Olympus E-M1 and E-M5 II review revisited – massive new firmware updates and speedy Metabones AF

E-M5 II

Can the Olympus cameras compete with a full frame Canon DSLR for those with extensive EF lens collections? And is video quality improved with the epic firmware updates just released?

Olympus E-M1 and E-M5 II

Download the firmware updates here

As some of you may know Olympus have given the E-M1 24p, some would say 2 years too late and the E-M5 II now has a “flat picture profile with cinema quality video”.

Initially I was confused as to why the Olympus E-M5 II has a headphone volume control in the menus but no headphone jack. You have to buy the extra battery grip for that.

How can I describe the flat picture profile of the updated E-M5 II?

It is sort of like an HDR mode, with the slightly weird colour and contrast of those raw files which we all know have been pushed a bit too zealously in Photoshop and should really be put out of their misery.

Here’s the difference it makes… as you can see it does preserve a lot more in the highlights and shadows…

E-M1 standard profile
E-M1 standard profile
E-M5 II 'movie profile'
E-M5 II ‘movie profile’

What the flat picture profile does not do is flatten the gamma curve of the image or raise the black gamma for better grading in post. It is really more of a highlight tone priority mode.

What we really wanted was LOG like on the GH4 or a flat picture profile like on Nikon’s DSLRs.

Rather than use the faux flat profile I decided to go all out for contrast and avoid grading. I’m shooting on one of the stills picture profile which I tweaked to match the look of Fuji Velvia on the X-T1. I am enjoying the colours out of this camera, once white balance is tweaked to get rid of the bias towards a green tint.

The E-M1 remains the one to get for the best video quality. It may lack 1080/60p but it suffers far less from moire and aliasing. I recently sold mine and I will miss it a bit.

The E-M5 II does have some video features the E-M1 lacks, which is odd considering it’s a lower end model. It has an ALL-I codec option which doesn’t improve image quality but does make for smoother editing on lower end machines.

When I first shot with the E-M5 II earlier this year I found video quality to be pretty seriously lacking. It does seem closer to the E-M1 now for resolution but the moire is still there and I am not sure whether it is actually improved or rather if my memory is playing tricks on me.

The stabiliser is really quite stunning on both cameras, but especially the E-M5 II. You can do slider shots with your arm! It is breathtaking and a bit like the OSMO. It really is a lot better than the IBIS on the Sony A7R II and A7S II. I believe the E-M5 II’s stabilisation is a generation on from the technology in the E-M1. The difference doesn’t seem massive though.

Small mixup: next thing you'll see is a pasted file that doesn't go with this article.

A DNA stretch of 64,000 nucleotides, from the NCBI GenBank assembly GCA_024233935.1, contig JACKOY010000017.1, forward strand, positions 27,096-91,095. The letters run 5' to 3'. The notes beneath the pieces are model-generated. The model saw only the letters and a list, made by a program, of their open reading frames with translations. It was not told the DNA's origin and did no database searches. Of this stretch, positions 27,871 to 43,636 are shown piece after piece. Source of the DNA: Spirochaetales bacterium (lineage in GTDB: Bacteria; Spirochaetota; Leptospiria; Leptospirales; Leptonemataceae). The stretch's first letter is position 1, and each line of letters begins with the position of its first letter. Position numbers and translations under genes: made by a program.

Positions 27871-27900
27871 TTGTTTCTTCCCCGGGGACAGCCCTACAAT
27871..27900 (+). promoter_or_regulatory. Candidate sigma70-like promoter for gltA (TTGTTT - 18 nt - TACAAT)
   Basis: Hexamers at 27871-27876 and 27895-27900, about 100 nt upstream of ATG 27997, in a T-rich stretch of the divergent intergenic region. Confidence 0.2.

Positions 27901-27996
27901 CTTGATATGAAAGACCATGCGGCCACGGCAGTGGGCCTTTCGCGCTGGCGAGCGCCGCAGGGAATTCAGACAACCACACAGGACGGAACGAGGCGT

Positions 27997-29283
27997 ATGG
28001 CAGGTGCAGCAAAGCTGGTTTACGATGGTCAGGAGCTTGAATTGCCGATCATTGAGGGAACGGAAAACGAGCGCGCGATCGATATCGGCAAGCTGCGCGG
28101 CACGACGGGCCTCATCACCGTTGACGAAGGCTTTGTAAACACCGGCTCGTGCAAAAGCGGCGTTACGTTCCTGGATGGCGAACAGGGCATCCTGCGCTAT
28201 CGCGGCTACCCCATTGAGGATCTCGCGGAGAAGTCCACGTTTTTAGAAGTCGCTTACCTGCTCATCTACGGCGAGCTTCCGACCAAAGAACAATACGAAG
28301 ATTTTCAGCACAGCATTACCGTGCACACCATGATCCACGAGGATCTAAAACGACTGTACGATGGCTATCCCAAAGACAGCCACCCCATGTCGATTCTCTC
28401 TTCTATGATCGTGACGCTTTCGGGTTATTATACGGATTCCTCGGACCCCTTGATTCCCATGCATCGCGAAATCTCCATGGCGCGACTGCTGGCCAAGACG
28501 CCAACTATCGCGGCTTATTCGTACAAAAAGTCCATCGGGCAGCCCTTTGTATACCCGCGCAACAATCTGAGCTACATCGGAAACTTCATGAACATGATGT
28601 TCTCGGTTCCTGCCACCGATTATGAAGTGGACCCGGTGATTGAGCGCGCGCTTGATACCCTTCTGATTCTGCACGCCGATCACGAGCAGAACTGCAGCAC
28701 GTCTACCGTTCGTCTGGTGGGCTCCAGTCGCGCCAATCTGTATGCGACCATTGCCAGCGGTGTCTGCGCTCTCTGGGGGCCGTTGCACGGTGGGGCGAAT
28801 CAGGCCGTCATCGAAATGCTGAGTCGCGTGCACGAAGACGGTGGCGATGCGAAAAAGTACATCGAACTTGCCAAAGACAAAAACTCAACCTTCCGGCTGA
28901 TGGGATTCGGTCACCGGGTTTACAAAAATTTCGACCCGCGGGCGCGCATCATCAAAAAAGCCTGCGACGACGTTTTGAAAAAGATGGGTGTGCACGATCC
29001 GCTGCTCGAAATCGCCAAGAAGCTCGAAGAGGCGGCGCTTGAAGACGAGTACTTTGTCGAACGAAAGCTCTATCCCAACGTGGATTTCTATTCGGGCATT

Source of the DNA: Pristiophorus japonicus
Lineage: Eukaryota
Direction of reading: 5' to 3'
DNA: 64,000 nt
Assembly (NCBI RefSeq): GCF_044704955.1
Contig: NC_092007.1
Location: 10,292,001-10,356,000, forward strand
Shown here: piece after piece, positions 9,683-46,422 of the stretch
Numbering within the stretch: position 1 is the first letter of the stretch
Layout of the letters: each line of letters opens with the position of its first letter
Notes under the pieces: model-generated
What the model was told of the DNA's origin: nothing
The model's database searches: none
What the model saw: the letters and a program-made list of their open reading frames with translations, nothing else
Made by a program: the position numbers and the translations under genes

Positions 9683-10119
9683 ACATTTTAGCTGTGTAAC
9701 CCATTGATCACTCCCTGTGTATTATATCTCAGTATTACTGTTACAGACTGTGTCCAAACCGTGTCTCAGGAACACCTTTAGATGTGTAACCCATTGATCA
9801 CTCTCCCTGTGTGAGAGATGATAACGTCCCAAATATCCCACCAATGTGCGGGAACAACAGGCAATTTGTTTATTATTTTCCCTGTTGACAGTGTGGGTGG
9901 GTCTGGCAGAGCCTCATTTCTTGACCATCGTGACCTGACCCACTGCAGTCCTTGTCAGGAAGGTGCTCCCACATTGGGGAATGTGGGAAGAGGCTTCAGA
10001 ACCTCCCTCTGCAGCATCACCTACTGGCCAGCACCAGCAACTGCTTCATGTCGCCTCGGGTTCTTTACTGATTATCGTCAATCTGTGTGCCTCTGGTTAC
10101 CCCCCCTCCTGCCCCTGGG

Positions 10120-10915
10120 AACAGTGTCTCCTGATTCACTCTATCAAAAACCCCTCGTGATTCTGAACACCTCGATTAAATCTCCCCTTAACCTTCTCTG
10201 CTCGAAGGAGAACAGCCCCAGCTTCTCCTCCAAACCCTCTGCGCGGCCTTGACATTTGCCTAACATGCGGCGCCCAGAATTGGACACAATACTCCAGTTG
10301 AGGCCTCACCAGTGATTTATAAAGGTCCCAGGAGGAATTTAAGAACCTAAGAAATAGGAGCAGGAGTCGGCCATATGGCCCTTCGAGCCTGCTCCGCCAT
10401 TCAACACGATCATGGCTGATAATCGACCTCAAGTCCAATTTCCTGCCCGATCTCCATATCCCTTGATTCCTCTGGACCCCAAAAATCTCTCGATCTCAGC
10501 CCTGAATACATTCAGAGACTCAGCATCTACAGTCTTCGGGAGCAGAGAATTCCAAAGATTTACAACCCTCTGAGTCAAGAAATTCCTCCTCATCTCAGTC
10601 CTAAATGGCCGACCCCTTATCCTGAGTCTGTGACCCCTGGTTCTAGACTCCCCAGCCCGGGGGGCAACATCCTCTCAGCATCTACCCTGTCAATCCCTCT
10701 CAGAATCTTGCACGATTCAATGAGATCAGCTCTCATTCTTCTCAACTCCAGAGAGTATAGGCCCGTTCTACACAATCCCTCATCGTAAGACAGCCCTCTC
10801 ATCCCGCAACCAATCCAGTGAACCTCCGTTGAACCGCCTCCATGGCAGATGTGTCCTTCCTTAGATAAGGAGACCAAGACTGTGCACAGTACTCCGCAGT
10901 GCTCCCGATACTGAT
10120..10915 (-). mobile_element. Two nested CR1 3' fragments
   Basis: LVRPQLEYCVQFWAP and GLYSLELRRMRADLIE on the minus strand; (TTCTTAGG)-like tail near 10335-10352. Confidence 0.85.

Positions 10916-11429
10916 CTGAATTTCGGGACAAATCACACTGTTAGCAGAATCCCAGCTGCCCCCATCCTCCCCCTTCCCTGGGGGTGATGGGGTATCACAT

Prior to the latest firmware Olympus forced digital image stabilisation in movie mode. We can now turn it off and use only the sensor shift image stabilisation. This gets rid of the 2.3x crop and allows you to shoot video at the same field of view as stills. The sensor shift image stabilisation on its own is just fine.

Both have timecode over HDMI and uncompressed HDMI. No big deal in 2015 and the HDMI doesn’t really do anything for image quality.

Olympus E-M1 and E-M5 II

Olympus fill the gap made by lack of pro mirrorless camera from Canon

What Olympus have got resoundingly spot on especially with the E-M5 II is the stills side.

When combined with the Metabones XL T adapter for EF lenses this thing really sings.

1.3x crop instead of 2x. Over 1 stop brighter aperture. Amazingly shallow depth of field. Very very fast AF. Stabilisation with fast primes that would be all wonky on a Canon DSLR. It’s a pleasure shooting a 5-stop stabilised 85mm F1.4 through a rock steady EVF.

There’s a caveat though. The AF performance is extremely lens dependant, varying rather erratically.

Sadly on the E-M5 II it is just too inaccurate to be fully usable at the moment, which is a bit of a deal breaker. It seems off due to the Speed Booster glass. When the glass position in the adapter is adjusted I can get it a bit more accurate, but it always focusses a little bit softly. On the E-M1 and GH4 this doesn’t seem to be as much of an issue as it is on the E-M5 II. To be fair to Metabones they don’t guarantee the XL T adapter or AF performance on the E-M5 II.

This is a shame because I much prefer the E-M5 II to the GH4 as a stills camera, almost as much as I prefer the GH4 over the E-M5 II as a video tool.

Conclusion

Olympus E-M1, SLR Magic HyperPrime Cine 10mm T2.1 and Cooke S4i Mini Cine lens on the GH4

The Micro Four Thirds platform has never been stronger.

However video on Olympus cameras so far in terms of quality has got a lot better recently but it never quite seems to rise above ‘just about good enough’ compared to the competition.

If you don’t mind not having 4K and if you don’t really care about moire – most in the audience won’t to be honest – then the E-M5 II is a fantastic handheld interchangeable lens camera with 1.3x APS-H look (with the Speed Booster XL and XL-T). The E-M1 now with 24p improves nicely and although video quality isn’t up there with the best mirrorless cameras it remains creatively a dream.

One thing I haven’t mentioned in the new firmware updates yet is an S-OVF mode for the EVF. This gives you quite a wide dynamic range approaching that of an optical viewfinder. The viewfinder isn’t quite as massive as the Fuji X-T1’s but it is close.

Now is the time for Olympus to really step it up with subsequent cameras giving us a proper LOG profile and high bitrate 4K video with 4:2:2 colour. Dual SD card slots would be welcome as well in the highest end model.

Oh and maybe put a headphone jack on the E-M5 III!

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